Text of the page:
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US Trade Representative Robert Lighthizer at a cabinet meeting, October 21, 2019

US Trade Representative: WTO Overreach Counterproductive

Feb. 14, 2020
The WTO Appellate Court has made it more difficult for the US to conduct fair trade, not less, says the USTR

The United States Trade Representative’s office issued a report February 11 that says the appellate body of the WTO, a group of seven people tasked with issuing appeals on WTO legal findings, actually breaks WTO rules and makes it difficult for member countries like the US to conduct fair trade.

The 176-page report details instances where the USTR says the appellate body broke WTO rules by overstepping its authority: ruling on issues it doesn’t have jurisdiction over, issuing directions it doesn’t have the authority to issue, and interpreting WTO agreements between countries in ways that member companies didn’t anticipate.

“Unfortunately, the conduct of the Appellate Body has converted the WTO from a forum for discussion and negotiation into a forum for litigation,” said Ambassador Robert Lighthizer in a statement accompanying the report. He said that a “reassessment” of the WTO is necessary in order to establish “a trade agenda that benefits all Americans.”

According to the report’s introduction, it is the first “comprehensive study of the Appellate Body’s failure to comply with WTO rules,” and it contains a long list of misdeeds and oversteps allegedly committed by the body. The report says that the appellate body “consistently breached” appeal-completion deadlines; attempted to discern disagreements of facts when its mandate restricts it to legal issues; and attempted to direct how other bodies in the WTO operate, among other oversteps.

The report is not the first complaint lodged against the trade organization by the United States. An appendix to the report contains records of U.S. officials questioning the power of the appellate body dating to the second Bush administration. In 2013, the US Trade Representative’s office said that the WTO’s ruling on American duties on Indian steel involved “highly troubling legal interpretations” of WTO rules.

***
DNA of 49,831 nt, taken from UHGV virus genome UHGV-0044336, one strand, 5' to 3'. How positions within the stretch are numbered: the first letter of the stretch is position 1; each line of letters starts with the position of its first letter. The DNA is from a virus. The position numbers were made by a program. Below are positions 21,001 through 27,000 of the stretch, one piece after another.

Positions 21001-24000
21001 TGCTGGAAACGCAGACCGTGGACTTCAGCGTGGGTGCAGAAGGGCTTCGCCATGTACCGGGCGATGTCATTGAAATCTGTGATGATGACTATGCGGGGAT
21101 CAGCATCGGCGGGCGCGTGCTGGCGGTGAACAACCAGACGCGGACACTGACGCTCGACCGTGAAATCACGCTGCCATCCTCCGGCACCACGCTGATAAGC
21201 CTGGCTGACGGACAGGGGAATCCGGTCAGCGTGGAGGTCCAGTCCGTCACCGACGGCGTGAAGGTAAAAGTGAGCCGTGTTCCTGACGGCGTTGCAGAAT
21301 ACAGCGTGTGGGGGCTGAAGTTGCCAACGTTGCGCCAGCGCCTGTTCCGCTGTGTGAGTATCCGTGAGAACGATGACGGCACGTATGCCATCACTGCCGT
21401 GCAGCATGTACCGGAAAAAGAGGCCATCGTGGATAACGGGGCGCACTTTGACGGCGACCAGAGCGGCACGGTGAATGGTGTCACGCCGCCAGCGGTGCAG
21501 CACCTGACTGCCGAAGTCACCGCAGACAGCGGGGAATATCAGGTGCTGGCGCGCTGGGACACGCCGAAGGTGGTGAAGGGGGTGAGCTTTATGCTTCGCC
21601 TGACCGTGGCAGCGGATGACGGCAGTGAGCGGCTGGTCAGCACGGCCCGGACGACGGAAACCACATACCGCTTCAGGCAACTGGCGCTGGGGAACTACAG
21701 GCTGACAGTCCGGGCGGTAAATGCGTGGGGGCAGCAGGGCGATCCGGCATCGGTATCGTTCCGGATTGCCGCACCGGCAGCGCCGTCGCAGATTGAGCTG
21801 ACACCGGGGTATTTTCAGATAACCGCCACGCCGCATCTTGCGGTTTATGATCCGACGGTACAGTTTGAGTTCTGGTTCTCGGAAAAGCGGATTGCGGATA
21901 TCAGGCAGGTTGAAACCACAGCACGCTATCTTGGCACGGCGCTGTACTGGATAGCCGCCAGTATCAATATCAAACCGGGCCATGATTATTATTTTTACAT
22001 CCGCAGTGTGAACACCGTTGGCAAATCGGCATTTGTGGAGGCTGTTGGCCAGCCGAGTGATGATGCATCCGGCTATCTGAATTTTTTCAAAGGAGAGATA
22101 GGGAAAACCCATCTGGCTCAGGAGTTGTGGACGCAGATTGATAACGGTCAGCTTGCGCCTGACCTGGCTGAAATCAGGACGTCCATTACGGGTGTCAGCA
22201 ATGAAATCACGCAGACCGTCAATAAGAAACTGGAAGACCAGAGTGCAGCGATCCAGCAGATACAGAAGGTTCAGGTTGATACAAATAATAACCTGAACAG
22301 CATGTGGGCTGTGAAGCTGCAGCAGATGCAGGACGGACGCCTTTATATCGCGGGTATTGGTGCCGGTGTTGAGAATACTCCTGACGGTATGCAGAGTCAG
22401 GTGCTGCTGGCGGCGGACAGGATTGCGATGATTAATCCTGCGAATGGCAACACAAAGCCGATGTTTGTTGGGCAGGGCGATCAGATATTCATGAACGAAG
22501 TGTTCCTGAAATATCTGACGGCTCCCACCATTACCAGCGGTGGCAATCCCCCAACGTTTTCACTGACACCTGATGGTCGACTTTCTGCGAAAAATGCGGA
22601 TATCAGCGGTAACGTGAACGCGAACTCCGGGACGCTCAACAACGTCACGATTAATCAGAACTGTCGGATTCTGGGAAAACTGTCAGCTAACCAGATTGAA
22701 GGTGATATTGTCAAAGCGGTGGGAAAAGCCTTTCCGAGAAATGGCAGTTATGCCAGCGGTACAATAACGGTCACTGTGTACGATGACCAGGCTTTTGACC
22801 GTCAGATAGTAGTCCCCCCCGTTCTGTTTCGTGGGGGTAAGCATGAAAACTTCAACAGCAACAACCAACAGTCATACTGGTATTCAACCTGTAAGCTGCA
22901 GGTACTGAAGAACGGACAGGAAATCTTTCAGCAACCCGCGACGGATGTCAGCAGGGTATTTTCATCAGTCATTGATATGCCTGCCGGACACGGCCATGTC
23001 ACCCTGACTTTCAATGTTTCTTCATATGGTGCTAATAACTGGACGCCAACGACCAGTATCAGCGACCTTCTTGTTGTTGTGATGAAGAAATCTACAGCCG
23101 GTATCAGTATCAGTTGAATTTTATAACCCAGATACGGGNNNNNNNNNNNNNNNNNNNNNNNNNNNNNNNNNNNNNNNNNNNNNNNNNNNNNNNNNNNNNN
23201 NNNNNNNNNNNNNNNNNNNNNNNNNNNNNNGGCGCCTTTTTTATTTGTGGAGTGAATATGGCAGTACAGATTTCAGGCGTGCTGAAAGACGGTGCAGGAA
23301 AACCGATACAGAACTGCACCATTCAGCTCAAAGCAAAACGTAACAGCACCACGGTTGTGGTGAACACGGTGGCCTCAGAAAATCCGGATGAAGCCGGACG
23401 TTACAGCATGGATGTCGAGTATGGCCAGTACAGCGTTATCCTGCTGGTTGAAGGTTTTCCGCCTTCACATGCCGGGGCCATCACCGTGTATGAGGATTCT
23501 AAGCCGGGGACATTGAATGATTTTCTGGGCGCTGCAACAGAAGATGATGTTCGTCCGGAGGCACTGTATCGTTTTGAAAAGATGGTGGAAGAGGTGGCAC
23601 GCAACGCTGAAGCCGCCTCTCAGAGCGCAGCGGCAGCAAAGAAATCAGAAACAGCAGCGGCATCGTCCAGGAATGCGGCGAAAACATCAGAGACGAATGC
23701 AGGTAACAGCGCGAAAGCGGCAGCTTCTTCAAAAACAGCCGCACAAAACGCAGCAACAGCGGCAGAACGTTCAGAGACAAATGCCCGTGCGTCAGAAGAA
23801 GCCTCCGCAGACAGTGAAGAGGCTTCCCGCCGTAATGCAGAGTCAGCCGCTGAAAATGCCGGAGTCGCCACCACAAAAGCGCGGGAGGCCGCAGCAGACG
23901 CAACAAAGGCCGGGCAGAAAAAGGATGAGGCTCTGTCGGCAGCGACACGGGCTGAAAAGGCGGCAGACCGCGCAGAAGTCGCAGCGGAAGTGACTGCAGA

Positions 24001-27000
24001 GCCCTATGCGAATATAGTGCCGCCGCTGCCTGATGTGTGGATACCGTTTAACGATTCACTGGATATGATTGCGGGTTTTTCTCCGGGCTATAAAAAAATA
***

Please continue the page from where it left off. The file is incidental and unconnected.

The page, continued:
The Trump administration has been more aggressive: while on the campaign trail, President Donald Trump threatened to pull the United States out of the WTO entirely, and since December 2019 the United States has blocked the reappointment of judges to the appellate body in question, effectively crippling it for the time being.

The report notes that it does not provide a solution for the many problems it lists: “The United States is publishing this Report … to examine and explain the problem, not dictate solutions.” And until the dispute on the power of the WTO’s appellate body is settled with the United States, state-to-state trade deals like the phase one China deal and the USMCA might take precedence instead.

About the Author

Ryan Secard | Associate Editor


Focus: Workforce and labor issues; machining and foundry management

Associate Editor Ryan Secard covers topics relevant to the manufacturing workforce, including recruitment, safety, labor organizations, and the skills gap. Ryan has written IndustryWeek's Salary Survey annually since 2021 and has coordinated its Talent Advisory Board since September 2023.

Ryan got started at IndustryWeek in August 2019 as an editorial intern and was hired as a news editor in 2020 before his 2023 promotion to associate editor, talent. He has a Bachelor of Arts in English from the College of Wooster.

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